Turnaround and Performance Improvement Advisors

 

Where to find New Opportunities – Look, Listen, Learn
Many researchers and demographers believe that U.S. consumption has reached maturity and certain economic factors are likely to support a future of reasonable consumption, incurred debt and savings levels. The “Baby Boom” population burst and related consumption of these folks as they reached peak earning periods of their lives, supported by easy credit and inflated real estate values, is unlikely to occur again for many years.
Fortunately many of our corporations have survived and are likely to be sustainable entities (and that is not to imply the same future of those bailed out as “too big to fail”). Our corporations have finally taken actions that were inspired by fear. They cut costs and continue to do so. They slashed excess inventory. They reined in wasteful capex and began to manage for positive cash flow and to de-leverage their balance sheets. Non performing assets have been sold or otherwise shut down. Corporations began to go-global for revenue growth in some countries that may be at the lead-point of their economic development. These actions were long overdue, yet the impact in the U.S. may not be all that beneficial to our citizens:
·         Employment has been reduced;
·         Jobs have been outsourced and replaced by technology’
·         Capex and development capital has been directed outside the U.S.;
·         Consumer spending has been de-railed, perhaps forever;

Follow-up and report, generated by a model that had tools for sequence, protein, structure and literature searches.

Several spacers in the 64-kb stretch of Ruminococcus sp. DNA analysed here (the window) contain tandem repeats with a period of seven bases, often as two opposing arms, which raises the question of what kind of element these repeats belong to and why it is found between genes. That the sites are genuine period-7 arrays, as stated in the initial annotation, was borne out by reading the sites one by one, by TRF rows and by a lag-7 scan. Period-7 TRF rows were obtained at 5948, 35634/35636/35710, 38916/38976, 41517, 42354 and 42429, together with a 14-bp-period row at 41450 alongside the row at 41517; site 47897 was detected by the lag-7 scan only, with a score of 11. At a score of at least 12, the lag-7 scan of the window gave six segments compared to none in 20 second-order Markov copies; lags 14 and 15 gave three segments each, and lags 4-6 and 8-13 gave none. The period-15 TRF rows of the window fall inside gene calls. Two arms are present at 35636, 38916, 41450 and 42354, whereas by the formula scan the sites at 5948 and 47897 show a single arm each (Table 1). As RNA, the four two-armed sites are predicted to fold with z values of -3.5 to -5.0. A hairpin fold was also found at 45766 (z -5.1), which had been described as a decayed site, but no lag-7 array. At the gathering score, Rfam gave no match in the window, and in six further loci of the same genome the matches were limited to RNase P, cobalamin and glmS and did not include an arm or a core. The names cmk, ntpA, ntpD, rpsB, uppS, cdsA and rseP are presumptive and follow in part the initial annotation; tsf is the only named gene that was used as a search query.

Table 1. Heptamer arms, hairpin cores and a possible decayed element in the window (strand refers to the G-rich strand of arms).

·         Tax revenues have been reduced, leading to unpopular cuts to services and the prospect of higher and new taxes, federal, state and local;
·         Government has continued to grow as a percent of our total economy, yet government has not done what our corporations have done by slashing costs and reducing losses (e.g., US Postal Service)
Now, our corporations have a reborn challenge that is “how to grow revenues domestically and globally”, how to develop new products and services that meet the needs and pocketbook of the “new American consumer”. To do so requires that our corporate leadership invest in research, listen to real consumers, and watch behavior of people that visit and patronize the traffic-central retailers of 2010:
·         Staples, Office Depot, Office Max
·         Wal Mart, Target, Kmart
·         Best Buy, GameStop
·         Dollar General, Family Dollar and other dollar stores
·         Walgreen, CVS. Rite Aid
·         Grocery and convenience stores from the high end to the lower-moderate positioned players
·         FedEx/Kinko’s and UPS
We MUST observe what they buy, what they spend, and what innovative behaviors they embrace to maintain their lives within their financial constraints. We MUST test, partner and lead to develop new products, new services, new sources of revenue and new jobs.